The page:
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Water crisis hits Delhi

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Manasa Maddila & Ashwanth Vidhya, Mumbai Uncensored, 24th June 2021.

 Every drop counts in the national capital. As Delhi gradually emerges from a severe wave of COVID-19 infection, a water crisis has hit some areas. Pictures of residents crowding around the tanker without social distancing and some not wearing masks went viral. The lack of water can also become detrimental in the fight against COVID, as it can lead to hygiene issues and could lead for one to get affected with the virus and other diseases.

              Lieutenant governor Anil Baikal has been examining the current water shortage in the capital. Concerned about the scarcity of water in New Delhi mainly in Jhuggi colonies, he has communicated to the CMs of the neighbouring states—Uttar Pradesh and Haryana and has asked for reports from the Delhi Jal Board (DJB) and New Delhi Municipal Council (NDMC).

               One side of water shortage is leakage, wastage and its unequal distribution among the populace. Recently we heard about the detection of water leakage in the Northwest metro pillar, Pitampura. The water was flooding the service road and was going into the drain. The other reason fuelling the shortage is the rapid growth of algae in Yamuna River.

             The DJB’s water supply has reduced by 60-65 million gallons a day due to severe shortage of raw water from Haryana. According to official figures, water supply in the National Capital has fallen short by at least 200 MGD. Hindu Rao Hospital, Kamla Nagar, Shakti Nagar, Karol Bagh, Pahar Ganj and some parts of South Delhi are probable areas of water emergency. 

             In its move to prevent such incidents, the DJB promoted rainwater harvesting and stated, “Humanity is facing water scarcity since there has been a lack of water to meet the standard of water demand. Hence, join the drive and strive for rainwater harvesting”.

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Tamil Nadu becomes the 1st state to have its own genome sequencing lab.

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Manasa Maddila, Mumbai Uncensored, 6th January 2021:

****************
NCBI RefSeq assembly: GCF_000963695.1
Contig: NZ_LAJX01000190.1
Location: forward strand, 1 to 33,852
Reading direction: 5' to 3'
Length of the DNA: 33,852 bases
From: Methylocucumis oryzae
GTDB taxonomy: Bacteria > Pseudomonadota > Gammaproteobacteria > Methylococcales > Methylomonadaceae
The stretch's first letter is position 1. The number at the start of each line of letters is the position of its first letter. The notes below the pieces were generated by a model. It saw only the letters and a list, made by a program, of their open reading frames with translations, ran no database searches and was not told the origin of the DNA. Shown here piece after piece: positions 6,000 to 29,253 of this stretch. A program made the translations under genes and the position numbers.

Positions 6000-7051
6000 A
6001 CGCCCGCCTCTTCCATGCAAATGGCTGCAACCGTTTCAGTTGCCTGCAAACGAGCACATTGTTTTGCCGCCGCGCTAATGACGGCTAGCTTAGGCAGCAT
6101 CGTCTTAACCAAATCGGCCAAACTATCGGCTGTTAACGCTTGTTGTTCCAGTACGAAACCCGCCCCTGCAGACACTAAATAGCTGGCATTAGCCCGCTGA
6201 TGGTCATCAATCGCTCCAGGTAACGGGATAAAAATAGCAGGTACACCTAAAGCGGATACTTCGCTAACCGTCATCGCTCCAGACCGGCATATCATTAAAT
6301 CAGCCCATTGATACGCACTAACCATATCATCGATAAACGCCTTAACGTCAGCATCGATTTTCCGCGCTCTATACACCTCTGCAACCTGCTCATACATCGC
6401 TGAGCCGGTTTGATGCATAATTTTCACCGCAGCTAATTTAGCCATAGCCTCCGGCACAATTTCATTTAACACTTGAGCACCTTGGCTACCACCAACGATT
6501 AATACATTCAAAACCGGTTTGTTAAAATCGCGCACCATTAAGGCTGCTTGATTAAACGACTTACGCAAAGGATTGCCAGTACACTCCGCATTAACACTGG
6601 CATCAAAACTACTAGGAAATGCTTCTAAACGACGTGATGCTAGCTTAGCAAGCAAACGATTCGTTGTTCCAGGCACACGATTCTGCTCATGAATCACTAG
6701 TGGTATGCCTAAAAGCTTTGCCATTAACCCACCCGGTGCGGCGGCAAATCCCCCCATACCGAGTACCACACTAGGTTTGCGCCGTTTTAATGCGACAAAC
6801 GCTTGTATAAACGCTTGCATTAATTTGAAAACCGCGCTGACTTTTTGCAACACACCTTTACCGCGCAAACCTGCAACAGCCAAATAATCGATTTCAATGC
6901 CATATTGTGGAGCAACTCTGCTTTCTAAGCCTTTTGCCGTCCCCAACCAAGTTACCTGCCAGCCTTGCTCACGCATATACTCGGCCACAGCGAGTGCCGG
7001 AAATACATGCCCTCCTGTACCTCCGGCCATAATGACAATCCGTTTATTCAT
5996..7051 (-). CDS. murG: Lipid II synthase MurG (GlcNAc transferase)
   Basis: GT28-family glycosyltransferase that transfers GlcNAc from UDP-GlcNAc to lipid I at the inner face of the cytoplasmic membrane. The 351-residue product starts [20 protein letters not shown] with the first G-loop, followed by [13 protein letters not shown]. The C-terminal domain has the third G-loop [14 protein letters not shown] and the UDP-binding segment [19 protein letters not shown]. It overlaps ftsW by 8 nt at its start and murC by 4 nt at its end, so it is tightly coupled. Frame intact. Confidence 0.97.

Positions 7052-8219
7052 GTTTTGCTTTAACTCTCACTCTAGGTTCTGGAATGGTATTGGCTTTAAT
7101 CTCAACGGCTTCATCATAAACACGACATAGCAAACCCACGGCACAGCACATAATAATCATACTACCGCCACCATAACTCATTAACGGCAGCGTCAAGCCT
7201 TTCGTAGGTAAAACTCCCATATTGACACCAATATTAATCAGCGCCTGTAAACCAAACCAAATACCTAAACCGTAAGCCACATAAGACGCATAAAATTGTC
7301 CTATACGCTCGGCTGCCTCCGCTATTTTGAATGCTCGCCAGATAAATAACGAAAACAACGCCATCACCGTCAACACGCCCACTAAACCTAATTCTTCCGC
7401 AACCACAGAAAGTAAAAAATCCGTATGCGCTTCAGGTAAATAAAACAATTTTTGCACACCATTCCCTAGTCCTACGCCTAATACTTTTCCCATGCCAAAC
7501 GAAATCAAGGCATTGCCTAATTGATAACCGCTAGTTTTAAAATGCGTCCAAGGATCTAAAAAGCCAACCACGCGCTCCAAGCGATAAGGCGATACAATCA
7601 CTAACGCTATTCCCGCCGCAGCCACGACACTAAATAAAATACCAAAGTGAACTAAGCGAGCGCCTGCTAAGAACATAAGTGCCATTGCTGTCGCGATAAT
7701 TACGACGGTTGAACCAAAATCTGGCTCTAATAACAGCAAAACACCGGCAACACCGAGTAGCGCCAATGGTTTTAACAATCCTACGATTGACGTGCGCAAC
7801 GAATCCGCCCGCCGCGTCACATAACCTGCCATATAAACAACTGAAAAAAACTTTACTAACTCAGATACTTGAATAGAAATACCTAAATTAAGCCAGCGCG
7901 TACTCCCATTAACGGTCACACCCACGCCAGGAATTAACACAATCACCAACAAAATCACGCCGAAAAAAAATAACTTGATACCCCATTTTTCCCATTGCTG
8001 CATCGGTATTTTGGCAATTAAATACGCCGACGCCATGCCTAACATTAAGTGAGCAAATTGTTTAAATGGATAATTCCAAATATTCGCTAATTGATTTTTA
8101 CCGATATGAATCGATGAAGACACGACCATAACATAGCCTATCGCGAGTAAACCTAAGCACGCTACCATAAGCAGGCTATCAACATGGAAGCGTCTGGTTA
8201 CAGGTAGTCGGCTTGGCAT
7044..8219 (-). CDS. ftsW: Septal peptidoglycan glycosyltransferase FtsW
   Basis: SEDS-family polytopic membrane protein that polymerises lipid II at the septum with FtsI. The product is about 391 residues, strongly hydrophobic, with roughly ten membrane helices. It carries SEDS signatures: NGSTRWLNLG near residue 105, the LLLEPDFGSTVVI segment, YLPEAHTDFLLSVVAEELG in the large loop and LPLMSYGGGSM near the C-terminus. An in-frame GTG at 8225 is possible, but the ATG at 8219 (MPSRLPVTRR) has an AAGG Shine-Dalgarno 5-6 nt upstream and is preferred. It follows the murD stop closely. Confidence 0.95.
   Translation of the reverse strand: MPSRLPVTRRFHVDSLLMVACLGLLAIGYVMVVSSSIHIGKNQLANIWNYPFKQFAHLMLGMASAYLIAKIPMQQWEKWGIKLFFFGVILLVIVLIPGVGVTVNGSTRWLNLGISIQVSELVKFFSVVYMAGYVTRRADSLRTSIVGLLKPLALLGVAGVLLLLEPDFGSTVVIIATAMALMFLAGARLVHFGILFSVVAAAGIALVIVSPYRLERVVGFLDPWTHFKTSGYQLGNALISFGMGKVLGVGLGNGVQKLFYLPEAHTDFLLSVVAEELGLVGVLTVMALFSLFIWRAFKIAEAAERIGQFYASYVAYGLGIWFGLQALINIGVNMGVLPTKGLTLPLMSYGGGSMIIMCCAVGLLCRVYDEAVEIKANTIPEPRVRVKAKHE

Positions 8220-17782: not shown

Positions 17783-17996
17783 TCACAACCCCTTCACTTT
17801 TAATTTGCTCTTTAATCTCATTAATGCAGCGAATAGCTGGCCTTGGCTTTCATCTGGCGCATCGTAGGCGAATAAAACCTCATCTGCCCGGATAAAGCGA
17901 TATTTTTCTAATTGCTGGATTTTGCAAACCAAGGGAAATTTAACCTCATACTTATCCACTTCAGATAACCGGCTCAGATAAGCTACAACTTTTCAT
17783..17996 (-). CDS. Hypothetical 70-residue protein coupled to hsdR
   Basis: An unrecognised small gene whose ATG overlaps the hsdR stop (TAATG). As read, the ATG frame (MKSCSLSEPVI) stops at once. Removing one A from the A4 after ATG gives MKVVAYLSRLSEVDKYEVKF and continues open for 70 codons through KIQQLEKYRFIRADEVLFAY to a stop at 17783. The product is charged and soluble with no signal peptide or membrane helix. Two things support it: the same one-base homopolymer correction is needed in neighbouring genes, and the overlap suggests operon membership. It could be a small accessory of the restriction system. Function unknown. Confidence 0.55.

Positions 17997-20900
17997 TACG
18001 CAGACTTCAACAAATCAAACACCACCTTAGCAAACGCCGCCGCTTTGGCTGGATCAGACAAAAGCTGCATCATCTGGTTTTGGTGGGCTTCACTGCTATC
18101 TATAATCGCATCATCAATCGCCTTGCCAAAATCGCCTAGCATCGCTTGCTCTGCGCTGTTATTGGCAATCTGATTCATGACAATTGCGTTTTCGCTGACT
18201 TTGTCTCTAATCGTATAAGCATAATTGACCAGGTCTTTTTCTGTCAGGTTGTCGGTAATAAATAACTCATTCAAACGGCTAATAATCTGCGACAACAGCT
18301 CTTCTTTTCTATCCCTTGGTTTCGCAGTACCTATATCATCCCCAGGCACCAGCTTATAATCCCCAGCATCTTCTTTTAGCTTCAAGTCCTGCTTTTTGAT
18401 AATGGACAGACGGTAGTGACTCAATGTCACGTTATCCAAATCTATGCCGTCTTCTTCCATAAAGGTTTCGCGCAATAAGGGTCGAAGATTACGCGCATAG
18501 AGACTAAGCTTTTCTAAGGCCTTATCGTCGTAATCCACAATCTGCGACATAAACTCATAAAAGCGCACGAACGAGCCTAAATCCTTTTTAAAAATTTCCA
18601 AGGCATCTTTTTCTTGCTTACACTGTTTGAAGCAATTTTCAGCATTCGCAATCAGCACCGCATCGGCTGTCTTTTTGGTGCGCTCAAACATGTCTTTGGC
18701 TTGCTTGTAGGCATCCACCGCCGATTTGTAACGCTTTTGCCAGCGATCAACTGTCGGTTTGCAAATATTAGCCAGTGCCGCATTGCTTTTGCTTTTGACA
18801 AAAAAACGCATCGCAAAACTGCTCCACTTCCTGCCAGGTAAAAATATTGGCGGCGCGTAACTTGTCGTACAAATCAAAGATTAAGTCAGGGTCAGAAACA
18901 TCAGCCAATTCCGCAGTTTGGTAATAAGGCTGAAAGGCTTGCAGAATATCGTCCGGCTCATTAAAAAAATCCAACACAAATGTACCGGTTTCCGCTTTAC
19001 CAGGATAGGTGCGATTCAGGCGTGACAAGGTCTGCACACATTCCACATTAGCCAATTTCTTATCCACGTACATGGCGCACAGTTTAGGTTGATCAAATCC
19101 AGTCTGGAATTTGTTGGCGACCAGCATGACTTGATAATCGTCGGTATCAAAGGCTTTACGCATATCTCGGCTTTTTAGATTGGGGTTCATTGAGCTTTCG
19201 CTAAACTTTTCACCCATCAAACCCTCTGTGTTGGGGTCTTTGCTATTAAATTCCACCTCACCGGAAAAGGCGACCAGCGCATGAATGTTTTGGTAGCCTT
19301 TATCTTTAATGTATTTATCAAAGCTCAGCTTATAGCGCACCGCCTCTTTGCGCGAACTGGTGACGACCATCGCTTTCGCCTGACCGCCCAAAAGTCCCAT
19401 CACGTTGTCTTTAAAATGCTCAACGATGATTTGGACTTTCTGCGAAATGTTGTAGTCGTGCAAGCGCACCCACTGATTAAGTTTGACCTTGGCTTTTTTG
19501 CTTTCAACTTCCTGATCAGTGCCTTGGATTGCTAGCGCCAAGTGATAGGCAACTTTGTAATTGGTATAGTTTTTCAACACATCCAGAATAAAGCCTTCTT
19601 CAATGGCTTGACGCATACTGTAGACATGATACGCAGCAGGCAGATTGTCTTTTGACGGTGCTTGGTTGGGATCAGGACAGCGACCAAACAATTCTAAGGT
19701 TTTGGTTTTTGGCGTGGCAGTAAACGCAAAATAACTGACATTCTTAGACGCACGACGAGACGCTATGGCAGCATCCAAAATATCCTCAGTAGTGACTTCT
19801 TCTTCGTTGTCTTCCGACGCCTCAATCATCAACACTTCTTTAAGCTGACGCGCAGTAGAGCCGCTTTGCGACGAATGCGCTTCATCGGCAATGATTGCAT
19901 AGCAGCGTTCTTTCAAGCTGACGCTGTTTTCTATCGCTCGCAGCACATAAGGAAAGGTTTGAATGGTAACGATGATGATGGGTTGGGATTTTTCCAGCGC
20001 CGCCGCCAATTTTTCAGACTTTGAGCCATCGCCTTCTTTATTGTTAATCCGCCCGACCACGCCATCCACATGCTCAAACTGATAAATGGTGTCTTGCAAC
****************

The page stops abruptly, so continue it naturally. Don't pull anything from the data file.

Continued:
The whole-genome sequencing (WGS) laboratory of the State Public Health Laboratory (SPHL) has joined the Indian SARS-CoV-2 Genomics Consortium (INSACOG).

Health Minister Ma. Subramanian said there could have been no other State in India that has set up a genome sequencing lab all alone.

In spite of the State having its own genome sequencing lab that was set up at an expense of 4 crores, and initiated on September 14, it was sending tests to labs in Bengaluru, Hyderabad, and Pune that are important for INSACOG for affirming the sequencing of the Omicron variation.

The Indian SARS-CoV-2 Genomics Consortium (INSACOG) has perceived Tamil Nadu’s State Public Health Laboratory to direct entire genome sequencing, which implies the state will don’t really need to send tests to labs in Pune, Bengaluru, or Hyderabad to affirm variations, like Delta and Omicron.

Ma Subramanian remarked, “The state’s public health lab at the Directorate of Medical and Rural Health Services, which is overseen by CM MK Stalin, has set up equipment worth Rs 4 crore for this purpose”.

A senior authority of the Department of Public Health and Preventive Medicine said that around 150 samples can be tried at the same time at the lab and requires no less than five days to get the outcome.

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Delhi And Mumbai See Spike In Covid Cases; Yellow Alert Issued in national capital

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Aditya Dwivedi, Mumbai Uncensored, 29th December 2021:

The highest COVID-19 cases recorded in the last 6 months have shocked the nation and the authorities. India’s overall tally of COVID-19 cases saw a tremendous increase by 44% from Tuesday with 9,195 cases.